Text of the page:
Brewer's yeast, or Saccharomyces cerevisiae, is a type of yeast that typically grows on hops and is used to make beer. A byproduct of the fermentation process, brewer's yeast is available in most health food stores and has a slightly bitter flavor. Brewer's yeast contains a variety of important nutrients and offers a range of potential health benefits.
Brewer's yeast provides one of the highest quality and most easily absorbable forms of chromium of any food, according to Cox Health. Chromium is a trace mineral that assists in the breakdown of carbohydrates and fats for energy. Brewer's yeast provides about 4.7 micrograms of chromium per gram. A study published in the July 2011 issue of the "Journal of Trace Elements in Medicine and Biology" found that chromium exerted beneficial effects on blood sugar and cholesterol levels in individuals recently diagnosed with Type 2 diabetes. Participants consumed 9 grams of brewer's yeast per day for 40 days. Results showed a 42 percent reduction in fasting blood sugar levels and a 28 percent drop in hemoglobin A1c, or HbA1c, a measure of average blood sugar over a 3-month period. Levels of low-density lipoprotein, or LDL, the bad form of cholesterol, were also reduced by 17 percent.
Some forms of cancer may be prevented by brewer's yeast, according to a cell culture study published in the June 2012 issue of the journal "Cytotechnology." In the study, beta-glucan, a polysaccharide molecule found in brewer's yeast, protected against DNA damage from ultraviolet light. In a study published in the September 2012 issue of the journal "Biochemical and Biophysical Research Communications" brewer's yeast demonstrated the ability to prevent structures at the ends of chromosomes from becoming eroded, a process that can lead to cancerous cell division. Researchers note that a protein in brewer's yeast is similar in structure to a protein that participates in human cell division.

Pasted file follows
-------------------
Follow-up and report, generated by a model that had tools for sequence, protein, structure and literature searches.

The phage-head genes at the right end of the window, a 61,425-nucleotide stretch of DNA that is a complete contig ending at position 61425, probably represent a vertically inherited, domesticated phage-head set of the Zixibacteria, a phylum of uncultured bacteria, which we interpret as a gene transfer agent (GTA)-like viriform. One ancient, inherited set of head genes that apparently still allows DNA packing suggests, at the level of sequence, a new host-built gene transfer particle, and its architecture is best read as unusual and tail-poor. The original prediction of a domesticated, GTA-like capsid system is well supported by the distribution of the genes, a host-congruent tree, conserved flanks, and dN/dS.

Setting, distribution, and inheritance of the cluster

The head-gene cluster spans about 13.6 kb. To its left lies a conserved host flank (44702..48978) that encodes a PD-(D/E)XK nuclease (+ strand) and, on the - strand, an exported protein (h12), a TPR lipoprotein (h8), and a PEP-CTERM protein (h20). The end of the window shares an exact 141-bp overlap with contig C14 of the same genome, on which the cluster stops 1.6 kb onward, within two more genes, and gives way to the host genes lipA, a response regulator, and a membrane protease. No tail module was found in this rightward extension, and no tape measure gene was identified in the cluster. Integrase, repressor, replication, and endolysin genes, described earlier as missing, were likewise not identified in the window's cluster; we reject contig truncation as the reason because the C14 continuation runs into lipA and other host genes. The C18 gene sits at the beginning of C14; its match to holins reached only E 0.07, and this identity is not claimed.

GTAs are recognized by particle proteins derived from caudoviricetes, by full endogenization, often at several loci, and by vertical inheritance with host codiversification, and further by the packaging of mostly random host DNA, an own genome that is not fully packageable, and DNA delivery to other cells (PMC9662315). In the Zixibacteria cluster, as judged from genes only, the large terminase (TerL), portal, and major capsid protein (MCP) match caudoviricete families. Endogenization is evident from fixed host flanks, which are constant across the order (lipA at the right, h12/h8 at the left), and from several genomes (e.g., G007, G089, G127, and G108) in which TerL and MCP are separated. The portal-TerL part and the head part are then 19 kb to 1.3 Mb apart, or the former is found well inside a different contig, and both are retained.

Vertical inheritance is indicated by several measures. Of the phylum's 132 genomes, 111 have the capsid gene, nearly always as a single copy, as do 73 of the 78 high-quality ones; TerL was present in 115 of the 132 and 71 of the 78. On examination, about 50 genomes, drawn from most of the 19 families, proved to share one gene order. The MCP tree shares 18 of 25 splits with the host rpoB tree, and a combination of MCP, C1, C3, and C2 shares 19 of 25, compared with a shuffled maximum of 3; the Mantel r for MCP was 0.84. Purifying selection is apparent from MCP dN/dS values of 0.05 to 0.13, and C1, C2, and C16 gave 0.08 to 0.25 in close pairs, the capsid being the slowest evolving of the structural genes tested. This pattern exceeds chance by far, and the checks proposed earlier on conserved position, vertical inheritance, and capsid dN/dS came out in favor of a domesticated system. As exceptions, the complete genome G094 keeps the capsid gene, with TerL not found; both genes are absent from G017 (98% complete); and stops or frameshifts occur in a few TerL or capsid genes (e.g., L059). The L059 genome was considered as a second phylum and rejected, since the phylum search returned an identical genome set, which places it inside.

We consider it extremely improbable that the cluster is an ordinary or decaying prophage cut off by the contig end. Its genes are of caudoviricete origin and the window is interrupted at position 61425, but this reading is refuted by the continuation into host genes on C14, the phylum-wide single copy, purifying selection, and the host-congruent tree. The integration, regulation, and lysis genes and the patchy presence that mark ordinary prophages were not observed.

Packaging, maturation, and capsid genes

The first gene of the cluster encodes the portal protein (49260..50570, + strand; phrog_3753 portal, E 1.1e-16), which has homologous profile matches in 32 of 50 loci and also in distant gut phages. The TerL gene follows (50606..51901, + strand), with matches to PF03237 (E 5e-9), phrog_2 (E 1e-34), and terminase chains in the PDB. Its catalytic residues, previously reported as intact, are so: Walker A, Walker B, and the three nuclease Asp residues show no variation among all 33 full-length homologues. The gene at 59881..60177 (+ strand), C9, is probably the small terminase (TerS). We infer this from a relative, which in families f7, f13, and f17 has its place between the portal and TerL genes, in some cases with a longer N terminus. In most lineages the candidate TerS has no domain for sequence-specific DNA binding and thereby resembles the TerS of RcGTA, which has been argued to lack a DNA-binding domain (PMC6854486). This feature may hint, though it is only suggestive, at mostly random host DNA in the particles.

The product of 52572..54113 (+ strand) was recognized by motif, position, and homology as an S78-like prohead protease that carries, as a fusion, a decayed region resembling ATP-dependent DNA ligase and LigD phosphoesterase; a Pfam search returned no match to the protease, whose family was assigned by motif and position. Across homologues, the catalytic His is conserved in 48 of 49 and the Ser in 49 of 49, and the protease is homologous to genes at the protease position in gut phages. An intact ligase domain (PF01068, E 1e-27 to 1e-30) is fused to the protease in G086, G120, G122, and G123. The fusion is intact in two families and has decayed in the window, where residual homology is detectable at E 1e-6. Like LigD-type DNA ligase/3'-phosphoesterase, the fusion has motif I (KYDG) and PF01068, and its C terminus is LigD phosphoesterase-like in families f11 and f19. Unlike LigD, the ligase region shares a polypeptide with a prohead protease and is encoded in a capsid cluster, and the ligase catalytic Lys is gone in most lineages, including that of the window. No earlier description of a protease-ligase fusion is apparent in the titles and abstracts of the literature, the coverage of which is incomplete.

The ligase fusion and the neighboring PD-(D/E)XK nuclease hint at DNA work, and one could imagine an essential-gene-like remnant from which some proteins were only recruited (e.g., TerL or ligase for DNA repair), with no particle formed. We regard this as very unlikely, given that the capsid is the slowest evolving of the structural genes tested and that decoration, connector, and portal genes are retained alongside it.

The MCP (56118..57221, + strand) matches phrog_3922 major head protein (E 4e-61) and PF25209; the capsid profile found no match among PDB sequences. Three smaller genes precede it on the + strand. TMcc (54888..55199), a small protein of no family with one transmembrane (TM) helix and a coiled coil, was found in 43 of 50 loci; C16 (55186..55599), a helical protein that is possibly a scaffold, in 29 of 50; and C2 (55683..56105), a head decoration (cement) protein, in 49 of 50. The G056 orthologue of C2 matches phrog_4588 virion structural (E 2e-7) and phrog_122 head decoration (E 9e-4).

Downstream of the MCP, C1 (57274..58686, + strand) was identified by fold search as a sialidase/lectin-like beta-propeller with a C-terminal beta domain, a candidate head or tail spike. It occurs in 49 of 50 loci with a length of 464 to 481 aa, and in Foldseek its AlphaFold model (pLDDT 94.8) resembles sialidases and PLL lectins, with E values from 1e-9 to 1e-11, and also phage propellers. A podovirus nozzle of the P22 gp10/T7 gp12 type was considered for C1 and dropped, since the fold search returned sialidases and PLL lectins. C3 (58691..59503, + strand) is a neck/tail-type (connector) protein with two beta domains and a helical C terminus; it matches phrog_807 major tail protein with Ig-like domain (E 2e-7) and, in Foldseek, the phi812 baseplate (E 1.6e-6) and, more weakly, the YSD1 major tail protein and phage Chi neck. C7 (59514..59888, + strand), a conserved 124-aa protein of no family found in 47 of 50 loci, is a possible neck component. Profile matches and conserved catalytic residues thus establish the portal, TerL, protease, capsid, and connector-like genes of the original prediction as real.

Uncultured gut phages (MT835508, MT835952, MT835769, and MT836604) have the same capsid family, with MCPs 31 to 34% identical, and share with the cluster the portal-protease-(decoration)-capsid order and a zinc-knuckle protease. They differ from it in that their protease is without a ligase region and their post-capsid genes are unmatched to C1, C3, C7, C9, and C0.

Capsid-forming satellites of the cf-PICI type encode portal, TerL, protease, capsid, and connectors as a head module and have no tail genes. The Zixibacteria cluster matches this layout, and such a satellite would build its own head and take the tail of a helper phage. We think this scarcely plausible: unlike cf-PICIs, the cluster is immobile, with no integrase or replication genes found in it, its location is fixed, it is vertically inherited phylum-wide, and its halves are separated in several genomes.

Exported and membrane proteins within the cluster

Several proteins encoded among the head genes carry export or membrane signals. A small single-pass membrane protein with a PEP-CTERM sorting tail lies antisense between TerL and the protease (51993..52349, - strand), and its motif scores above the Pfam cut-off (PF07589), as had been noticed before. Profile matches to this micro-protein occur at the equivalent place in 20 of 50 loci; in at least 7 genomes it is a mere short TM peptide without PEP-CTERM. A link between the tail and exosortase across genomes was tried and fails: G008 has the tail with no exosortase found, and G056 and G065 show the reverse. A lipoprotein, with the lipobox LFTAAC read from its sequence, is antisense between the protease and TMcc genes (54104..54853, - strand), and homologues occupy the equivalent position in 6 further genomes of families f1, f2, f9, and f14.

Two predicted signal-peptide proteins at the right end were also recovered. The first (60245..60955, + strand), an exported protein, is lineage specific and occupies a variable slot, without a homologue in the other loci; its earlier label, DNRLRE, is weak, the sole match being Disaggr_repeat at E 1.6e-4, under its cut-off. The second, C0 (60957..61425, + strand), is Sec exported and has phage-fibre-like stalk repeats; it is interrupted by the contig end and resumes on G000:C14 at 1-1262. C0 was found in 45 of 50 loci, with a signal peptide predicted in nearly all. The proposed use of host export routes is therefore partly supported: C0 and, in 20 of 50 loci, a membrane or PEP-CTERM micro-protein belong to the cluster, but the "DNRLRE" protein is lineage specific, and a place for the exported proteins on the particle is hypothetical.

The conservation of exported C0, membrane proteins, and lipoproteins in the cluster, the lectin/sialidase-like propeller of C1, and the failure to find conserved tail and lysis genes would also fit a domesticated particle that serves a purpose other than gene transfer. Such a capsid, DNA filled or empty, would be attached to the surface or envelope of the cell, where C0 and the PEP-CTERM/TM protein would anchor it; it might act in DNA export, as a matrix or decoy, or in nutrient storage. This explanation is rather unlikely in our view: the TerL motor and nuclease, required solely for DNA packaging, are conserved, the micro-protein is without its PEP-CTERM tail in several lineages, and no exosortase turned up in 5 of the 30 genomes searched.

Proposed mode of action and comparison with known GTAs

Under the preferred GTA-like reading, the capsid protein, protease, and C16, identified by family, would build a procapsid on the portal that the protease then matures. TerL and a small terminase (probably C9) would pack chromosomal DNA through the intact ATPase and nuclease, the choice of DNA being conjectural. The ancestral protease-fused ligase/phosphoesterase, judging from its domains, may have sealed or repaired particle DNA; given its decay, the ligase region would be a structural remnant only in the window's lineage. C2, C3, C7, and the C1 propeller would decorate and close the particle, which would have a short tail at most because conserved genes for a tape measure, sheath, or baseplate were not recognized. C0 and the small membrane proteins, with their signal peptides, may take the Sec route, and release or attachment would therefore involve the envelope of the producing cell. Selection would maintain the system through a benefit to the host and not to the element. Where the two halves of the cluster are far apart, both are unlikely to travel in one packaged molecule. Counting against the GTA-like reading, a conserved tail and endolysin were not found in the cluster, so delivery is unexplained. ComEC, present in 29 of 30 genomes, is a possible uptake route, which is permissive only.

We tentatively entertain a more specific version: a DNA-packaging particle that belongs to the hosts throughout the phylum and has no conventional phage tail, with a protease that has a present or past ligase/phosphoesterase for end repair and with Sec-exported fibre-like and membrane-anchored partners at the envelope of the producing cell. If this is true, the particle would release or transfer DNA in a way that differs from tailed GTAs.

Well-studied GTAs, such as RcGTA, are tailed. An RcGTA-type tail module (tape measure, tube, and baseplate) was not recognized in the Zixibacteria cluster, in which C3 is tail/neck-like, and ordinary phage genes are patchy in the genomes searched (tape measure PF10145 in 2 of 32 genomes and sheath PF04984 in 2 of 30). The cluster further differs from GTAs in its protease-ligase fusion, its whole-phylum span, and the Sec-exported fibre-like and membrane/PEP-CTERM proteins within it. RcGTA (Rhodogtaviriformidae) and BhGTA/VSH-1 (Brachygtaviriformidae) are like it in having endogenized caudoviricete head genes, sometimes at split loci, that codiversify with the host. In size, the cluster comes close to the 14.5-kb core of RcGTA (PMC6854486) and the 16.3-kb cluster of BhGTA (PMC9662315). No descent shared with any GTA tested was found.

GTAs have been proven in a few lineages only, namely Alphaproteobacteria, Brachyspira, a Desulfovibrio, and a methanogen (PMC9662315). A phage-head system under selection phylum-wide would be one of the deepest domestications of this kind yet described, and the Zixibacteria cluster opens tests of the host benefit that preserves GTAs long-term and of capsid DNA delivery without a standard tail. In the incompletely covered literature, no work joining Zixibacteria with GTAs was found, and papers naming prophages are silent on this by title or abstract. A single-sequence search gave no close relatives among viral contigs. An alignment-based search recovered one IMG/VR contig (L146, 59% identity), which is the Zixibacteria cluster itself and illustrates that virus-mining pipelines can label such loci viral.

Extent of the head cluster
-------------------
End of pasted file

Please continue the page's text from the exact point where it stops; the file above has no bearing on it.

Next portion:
Brewer's yeast may help improve immune function, according to the University of Utah Health Care. Immune benefits of brewer's yeast include inhibition of Clostridium difficile, an antibiotic-resistant bacteria that causes diarrhea. Brewer's yeast also inhibits the food-borne pathogens Salmonella and E. coli, according to a study published in the March 2007 issue of the "Journal of Medical Microbiology." Brewer's yeast prevented spread of Salmonella to the liver and improved liver function, allowing more effective removal of bacteria from the bloodstream. Researchers concluded that brewer's yeast bolstered the immune system by acting both locally -- at the site of infection -- and systemically -- throughout the body
Comprised of 52 percent protein, brewer's yeast is an excellent low-fat source of protein and is a favored energy food among fitness enthusiasts for use in smoothies and juices. Brewer's yeast is also a good source of certain minerals, such as selenium and chromium and B-complex vitamins. Though naturally lacking in vitamin B-12, notes the University of Maryland Medical Center, some manufacturers of brewer's yeast supplements fortify the yeast with the vitamin.